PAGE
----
Contemporary Quest An enlivening brace of books from Alan Gould

(a review 
of A Gould, The Lake Woman: A Romance and A Gould, Folk Tunes)

Research output: Contribution to journalBook/Film/Article review

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Abstract

Alan Gould’s imagination has been steeped in a wide range of reading, from Shakespeare, Milton, Kipling and Auden to less wellknown works such as the sophisticated verse of the Cavalier poets. His recent novel, The Lake Woman, also reveals the influence of the tough and tender lyricism of Thomas Wyatt. Gould’s literary voice is unusual among contemporary writers, partly as a result of his influences. Although he claimed his own territory as a fiction writer a long time ago (his first novel, The Man Who Stayed Below, appeared in 1984), and has always been interested in idiomatic Australian English and Australian culture, he also allied himself to the chief storytellers, such as Conrad, among the nineteenth- and early twentieth-century English-language modernists. As a result, a few of his literary mannerisms – including his diction and some of his cadences – can seem old-fashioned. This should not matter; good writing will always outlast passing fashions, but it may be one reason why Gould’s fiction
has been less widely noticed than it might have been.
Original languageEnglish
Pages (from-to)9-10
Number of pages2
JournalAustralian Book Review
Issue number318
Publication statusPublished - 2010

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Romance
Folk
Writer
Idiomatics
Modernist
Australian Culture
Verse
Lyricism
Cadence
William Shakespeare
Australian English
Mannerism
Diction
Poet
Fiction
Storyteller
Kipling
English Culture

Cite this

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title = "Contemporary Quest An enlivening brace of books from Alan Gould: (a review 
of A Gould, The Lake Woman: A Romance and A Gould, Folk Tunes)",
abstract = "Alan Gould’s imagination has been steeped in a wide range of reading, from Shakespeare, Milton, Kipling and Auden to less wellknown works such as the sophisticated verse of the Cavalier poets. His recent novel, The Lake Woman, also reveals the influence of the tough and tender lyricism of Thomas Wyatt. Gould’s literary voice is unusual among contemporary writers, partly as a result of his influences. Although he claimed his own territory as a fiction writer a long time ago (his first novel, The Man Who Stayed Below, appeared in 1984), and has always been interested in idiomatic Australian English and Australian culture, he also allied himself to the chief storytellers, such as Conrad, among the nineteenth- and early twentieth-century English-language modernists. As a result, a few of his literary mannerisms – including his diction and some of his cadences – can seem old-fashioned. This should not matter; good writing will always outlast passing fashions, but it may be one reason why Gould’s fictionhas been less widely noticed than it might have been.",
author = "Paul HETHERINGTON",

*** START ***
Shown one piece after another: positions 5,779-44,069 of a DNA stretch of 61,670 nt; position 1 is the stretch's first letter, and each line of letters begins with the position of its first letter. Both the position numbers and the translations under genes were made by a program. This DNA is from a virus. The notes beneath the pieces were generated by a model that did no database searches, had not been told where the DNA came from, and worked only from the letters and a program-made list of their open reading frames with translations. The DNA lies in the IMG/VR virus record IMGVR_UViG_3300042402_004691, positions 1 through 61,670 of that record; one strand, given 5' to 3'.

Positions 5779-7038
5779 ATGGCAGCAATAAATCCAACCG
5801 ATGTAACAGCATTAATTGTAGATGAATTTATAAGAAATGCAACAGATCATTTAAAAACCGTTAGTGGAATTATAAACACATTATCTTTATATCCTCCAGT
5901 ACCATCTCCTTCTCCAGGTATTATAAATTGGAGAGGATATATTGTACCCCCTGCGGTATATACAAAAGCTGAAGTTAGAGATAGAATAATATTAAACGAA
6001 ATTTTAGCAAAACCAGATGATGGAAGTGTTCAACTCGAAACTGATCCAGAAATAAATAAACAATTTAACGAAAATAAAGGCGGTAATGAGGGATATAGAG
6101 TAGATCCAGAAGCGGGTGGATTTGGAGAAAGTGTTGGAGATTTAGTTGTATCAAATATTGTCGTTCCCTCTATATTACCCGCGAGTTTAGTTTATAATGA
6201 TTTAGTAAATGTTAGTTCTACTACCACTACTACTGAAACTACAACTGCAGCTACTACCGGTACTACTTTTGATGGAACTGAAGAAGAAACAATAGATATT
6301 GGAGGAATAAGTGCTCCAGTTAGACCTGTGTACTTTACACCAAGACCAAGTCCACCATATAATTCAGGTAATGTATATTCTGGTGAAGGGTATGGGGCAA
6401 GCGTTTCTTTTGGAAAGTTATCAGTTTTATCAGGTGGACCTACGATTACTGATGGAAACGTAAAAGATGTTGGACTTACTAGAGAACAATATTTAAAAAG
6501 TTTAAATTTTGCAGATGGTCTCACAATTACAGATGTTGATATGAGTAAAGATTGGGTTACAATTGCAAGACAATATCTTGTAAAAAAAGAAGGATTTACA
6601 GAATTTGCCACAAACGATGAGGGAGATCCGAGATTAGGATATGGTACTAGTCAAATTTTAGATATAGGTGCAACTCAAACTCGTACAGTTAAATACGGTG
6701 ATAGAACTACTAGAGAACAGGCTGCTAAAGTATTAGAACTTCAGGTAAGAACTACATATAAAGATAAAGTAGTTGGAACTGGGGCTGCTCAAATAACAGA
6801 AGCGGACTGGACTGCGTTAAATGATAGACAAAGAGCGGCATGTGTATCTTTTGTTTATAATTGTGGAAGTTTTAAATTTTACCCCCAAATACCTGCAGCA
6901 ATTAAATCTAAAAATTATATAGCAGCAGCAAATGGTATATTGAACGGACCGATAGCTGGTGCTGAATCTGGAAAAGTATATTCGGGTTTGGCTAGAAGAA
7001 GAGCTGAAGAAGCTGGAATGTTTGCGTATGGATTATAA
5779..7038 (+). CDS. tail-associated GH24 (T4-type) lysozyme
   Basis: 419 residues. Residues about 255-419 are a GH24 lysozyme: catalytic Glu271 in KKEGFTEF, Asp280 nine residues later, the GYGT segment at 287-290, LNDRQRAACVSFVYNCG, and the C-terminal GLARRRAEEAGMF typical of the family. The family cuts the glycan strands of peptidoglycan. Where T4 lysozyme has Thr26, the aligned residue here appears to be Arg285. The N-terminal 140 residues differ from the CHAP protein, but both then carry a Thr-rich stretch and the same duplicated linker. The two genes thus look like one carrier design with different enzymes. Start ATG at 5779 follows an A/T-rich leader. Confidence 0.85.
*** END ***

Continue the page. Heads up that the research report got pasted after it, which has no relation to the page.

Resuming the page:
year = "2010",
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journal = "Australian Book Review",
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AU - HETHERINGTON, Paul

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N2 - Alan Gould’s imagination has been steeped in a wide range of reading, from Shakespeare, Milton, Kipling and Auden to less wellknown works such as the sophisticated verse of the Cavalier poets. His recent novel, The Lake Woman, also reveals the influence of the tough and tender lyricism of Thomas Wyatt. Gould’s literary voice is unusual among contemporary writers, partly as a result of his influences. Although he claimed his own territory as a fiction writer a long time ago (his first novel, The Man Who Stayed Below, appeared in 1984), and has always been interested in idiomatic Australian English and Australian culture, he also allied himself to the chief storytellers, such as Conrad, among the nineteenth- and early twentieth-century English-language modernists. As a result, a few of his literary mannerisms – including his diction and some of his cadences – can seem old-fashioned. This should not matter; good writing will always outlast passing fashions, but it may be one reason why Gould’s fictionhas been less widely noticed than it might have been.

AB - Alan Gould’s imagination has been steeped in a wide range of reading, from Shakespeare, Milton, Kipling and Auden to less wellknown works such as the sophisticated verse of the Cavalier poets. His recent novel, The Lake Woman, also reveals the influence of the tough and tender lyricism of Thomas Wyatt. Gould’s literary voice is unusual among contemporary writers, partly as a result of his influences. Although he claimed his own territory as a fiction writer a long time ago (his first novel, The Man Who Stayed Below, appeared in 1984), and has always been interested in idiomatic Australian English and Australian culture, he also allied himself to the chief storytellers, such as Conrad, among the nineteenth- and early twentieth-century English-language modernists. As a result, a few of his literary mannerisms – including his diction and some of his cadences – can seem old-fashioned. This should not matter; good writing will always outlast passing fashions, but it may be one reason why Gould’s fictionhas been less widely noticed than it might have been.

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